Rescue helicopter shake up could affect Whitianga based helicopter service
Plans for a nationwide rescue helicopter shake-up could see the Whitianga based rescue helicopter service changed or discontinued.
On 26 March, the Ministry of Health issued a “Request for Proposals” (RFP) in terms of which interested parties can tender to operate an air ambulance service in one or more of three regions in New Zealand.
The RFP is stipulating that air ambulance services have to be provided across the three regions from a list of 14 bases. The existing helicopter bases in Whitianga, Rotorua, Taupo and Te Anau are excluded from the list.
The RFP was issued after cabinet approved a business case, 'Reconfiguration of the National Air Ambulance Service', early last month.
It’s possible that the tenders can be awarded to overseas companies/organisations.
Although the Coromandel is in the Waikato DHB region, the air ambulance service on the Peninsula is provided by the Auckland Rescue Helicopter Trust. The rescue helicopter base in Whitianga is owned by the Coromandel Rescue Helicopter Trust.
Andrew Inder, the Ministry of Health’s community and ambulance manager, said in a written statement that no decision has as yet been made on where any rescue helicopters will be based, but rescue helicopter coverage around the New Zealand will continue, including the Coromandel, the North Island’s central plateau and Te Anau.
“One thing agreed by all those involved in providing, funding, organising or using these services is the importance of making improvements that achieve better outcomes for patients requiring air ambulance helicopter services.
“Air ambulances operate on a similar basis to road ambulance services, with fundraising by local communities critical to their sustainability. In 2016, the Ministry, ACC, and district health boards provided approximately 63 per cent of national service funding for air ambulances, with the remaining 37 per cent raised by local communities.”
Walter Russell, chairman of the Coromandel Rescue Helicopter Trust, said they were completely blindsided by the RFP. “We had no idea that this was coming,” he said. “I also take issue with what Andrew Inder said. The RFP doesn’t give any indication that the list of 14 bases where the rescue helicopters are going to be based is up for discussion. It looks like a done deal to me.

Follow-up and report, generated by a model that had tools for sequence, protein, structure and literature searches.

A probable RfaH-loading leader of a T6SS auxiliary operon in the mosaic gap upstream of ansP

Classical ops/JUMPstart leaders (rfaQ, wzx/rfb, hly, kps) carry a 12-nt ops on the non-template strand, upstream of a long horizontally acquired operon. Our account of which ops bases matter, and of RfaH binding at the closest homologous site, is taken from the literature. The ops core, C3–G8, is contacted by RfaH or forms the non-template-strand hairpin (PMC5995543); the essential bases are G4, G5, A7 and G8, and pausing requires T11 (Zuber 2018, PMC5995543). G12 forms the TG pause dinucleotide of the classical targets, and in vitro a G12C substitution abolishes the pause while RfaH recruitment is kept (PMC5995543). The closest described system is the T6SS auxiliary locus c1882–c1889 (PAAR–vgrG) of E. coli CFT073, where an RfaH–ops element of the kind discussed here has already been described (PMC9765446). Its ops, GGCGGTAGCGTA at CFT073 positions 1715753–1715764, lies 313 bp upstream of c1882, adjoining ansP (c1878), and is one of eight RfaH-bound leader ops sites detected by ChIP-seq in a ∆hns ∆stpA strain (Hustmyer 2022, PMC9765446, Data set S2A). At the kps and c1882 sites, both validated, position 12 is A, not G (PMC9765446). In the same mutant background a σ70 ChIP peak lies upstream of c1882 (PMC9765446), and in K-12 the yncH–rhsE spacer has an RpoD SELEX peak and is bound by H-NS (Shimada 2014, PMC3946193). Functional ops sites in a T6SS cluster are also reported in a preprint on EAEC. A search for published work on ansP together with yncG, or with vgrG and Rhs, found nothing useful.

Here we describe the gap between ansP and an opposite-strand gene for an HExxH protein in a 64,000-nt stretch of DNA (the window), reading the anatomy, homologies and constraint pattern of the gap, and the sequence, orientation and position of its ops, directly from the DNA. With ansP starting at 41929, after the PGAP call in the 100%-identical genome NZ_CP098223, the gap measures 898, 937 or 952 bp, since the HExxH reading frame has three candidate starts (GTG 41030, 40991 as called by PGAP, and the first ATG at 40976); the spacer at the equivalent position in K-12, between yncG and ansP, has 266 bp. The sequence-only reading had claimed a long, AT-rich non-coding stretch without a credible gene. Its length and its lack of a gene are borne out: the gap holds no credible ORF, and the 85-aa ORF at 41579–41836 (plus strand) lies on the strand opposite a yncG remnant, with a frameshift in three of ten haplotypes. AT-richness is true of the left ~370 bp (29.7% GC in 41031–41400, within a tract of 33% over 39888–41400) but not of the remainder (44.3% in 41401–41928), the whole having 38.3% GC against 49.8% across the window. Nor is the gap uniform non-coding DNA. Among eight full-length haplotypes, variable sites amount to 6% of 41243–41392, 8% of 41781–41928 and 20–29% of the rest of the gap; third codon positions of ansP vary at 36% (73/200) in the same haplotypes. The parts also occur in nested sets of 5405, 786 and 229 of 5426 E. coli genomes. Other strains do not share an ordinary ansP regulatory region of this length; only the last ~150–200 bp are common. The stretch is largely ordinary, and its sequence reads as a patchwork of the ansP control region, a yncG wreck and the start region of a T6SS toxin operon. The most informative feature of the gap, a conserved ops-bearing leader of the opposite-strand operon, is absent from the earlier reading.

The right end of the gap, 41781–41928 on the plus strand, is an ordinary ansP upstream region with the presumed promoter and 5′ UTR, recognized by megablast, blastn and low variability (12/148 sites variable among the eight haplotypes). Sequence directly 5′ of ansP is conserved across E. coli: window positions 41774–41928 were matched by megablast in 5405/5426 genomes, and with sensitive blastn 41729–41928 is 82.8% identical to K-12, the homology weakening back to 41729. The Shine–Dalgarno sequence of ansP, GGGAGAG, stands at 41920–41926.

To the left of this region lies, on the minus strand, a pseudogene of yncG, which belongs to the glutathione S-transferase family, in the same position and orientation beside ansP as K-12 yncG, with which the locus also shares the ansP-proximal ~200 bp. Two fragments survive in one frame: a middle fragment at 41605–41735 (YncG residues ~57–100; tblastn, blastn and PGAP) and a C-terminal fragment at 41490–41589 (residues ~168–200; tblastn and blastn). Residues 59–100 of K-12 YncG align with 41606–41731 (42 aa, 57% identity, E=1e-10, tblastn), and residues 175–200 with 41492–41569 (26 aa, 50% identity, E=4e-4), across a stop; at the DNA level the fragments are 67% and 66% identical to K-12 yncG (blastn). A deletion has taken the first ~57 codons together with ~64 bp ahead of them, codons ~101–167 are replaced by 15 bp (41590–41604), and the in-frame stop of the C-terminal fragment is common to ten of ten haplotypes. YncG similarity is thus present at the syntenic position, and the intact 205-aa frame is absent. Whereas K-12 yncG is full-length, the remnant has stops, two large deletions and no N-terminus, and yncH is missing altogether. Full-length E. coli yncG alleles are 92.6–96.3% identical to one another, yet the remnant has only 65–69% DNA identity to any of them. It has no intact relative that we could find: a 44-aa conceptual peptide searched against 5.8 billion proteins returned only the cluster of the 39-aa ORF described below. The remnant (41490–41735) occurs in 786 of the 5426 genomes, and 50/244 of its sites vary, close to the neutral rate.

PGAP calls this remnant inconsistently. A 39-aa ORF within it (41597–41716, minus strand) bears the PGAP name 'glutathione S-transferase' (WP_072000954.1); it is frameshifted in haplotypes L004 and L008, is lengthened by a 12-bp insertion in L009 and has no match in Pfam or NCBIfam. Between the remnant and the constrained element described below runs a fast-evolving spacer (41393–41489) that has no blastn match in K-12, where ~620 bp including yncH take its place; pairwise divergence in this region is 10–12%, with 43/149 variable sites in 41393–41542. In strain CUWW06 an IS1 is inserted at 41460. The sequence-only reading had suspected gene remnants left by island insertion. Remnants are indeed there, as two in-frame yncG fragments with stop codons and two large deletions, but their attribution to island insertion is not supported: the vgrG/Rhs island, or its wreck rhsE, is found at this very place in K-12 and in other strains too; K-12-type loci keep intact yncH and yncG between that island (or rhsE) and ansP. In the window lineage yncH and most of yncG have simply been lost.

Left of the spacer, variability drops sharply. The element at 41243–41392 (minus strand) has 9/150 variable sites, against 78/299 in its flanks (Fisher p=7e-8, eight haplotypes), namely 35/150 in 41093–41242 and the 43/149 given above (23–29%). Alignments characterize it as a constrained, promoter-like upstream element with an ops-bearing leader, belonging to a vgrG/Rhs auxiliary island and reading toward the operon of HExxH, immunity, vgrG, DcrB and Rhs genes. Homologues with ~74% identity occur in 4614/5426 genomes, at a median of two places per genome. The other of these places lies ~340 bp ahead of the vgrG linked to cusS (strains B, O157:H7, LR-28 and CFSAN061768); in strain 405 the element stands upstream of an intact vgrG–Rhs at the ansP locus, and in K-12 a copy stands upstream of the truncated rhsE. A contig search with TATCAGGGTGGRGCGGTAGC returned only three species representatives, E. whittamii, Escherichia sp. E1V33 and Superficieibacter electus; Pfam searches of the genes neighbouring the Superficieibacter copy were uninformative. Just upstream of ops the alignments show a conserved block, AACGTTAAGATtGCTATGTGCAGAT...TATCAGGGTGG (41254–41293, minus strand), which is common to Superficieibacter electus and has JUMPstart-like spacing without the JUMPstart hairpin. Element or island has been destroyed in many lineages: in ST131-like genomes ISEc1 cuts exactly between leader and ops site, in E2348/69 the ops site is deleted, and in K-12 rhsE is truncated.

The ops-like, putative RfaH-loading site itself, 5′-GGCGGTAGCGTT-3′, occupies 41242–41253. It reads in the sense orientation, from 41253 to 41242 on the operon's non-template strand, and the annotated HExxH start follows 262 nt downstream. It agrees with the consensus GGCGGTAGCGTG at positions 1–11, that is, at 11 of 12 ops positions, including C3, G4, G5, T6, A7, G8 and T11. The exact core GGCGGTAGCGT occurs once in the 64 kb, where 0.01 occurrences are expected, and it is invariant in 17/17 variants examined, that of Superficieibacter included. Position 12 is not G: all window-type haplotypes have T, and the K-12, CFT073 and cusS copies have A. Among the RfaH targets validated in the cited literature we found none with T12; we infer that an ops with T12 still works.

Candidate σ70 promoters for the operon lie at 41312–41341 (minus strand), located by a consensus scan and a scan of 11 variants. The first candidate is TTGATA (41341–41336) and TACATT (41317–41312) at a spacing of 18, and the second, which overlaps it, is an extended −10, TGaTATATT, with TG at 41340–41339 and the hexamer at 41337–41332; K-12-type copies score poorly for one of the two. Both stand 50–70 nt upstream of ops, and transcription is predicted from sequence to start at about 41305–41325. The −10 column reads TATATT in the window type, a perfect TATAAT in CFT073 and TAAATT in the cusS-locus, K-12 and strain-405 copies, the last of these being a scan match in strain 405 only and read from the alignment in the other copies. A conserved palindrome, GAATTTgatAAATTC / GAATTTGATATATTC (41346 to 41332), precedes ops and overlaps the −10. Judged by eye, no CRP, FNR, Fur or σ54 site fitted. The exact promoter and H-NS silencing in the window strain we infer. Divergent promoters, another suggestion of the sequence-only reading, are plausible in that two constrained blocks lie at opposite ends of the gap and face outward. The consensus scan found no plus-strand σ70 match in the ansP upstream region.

“I also fail to see how patients on the Coromandel will get, in Mr Inder’s words, ‘better outcomes’ when we don’t have a rescue helicopter based in Whitianga. We already have a very good helicopter, with an even better one to come later this year. How any so-called ‘reconfiguration’ of the air ambulance service across New Zealand will provide us with improved clinical support, is beyond me. The Auckland Rescue Helicopter Trust crews are some of the very best in the industry. What I can see is that we’ll be ending up with worse clinical care as it will take a rescue helicopter longer to reach an emergency on the Peninsula. If we lose our rescue helicopter base in Whitianga, lives will be lost.
“And I don’t buy the statement that the government funds rescue helicopter operations across New Zealand to the tune of 63 per cent. My understanding is that the government is providing no funding to any of the existing rescue helicopter operators, including the Auckland Rescue Helicopter Trust. All the government is doing is paying for services provided by the operators.
“I also understand that government payments make up only about 50 per cent of the income of the rescue helicopter operators. The rest is self-generated through sponsorships and community fundraising activities.
“That brings me to another thing. The RFP is structured so that community fundraising and sponsorships can continue. I can’t see how anyone on the Coromandel Peninsula will continue to support an air ambulance service that’s not based in Whitianga and that’s operated by an overseas company. If a commercial enterprise ends up operating a rescue helicopter service, all fundraising will be clean profit for the enterprise.
“Closure of our rescue helicopter base in Whitianga means we’ll be going back 10 years.”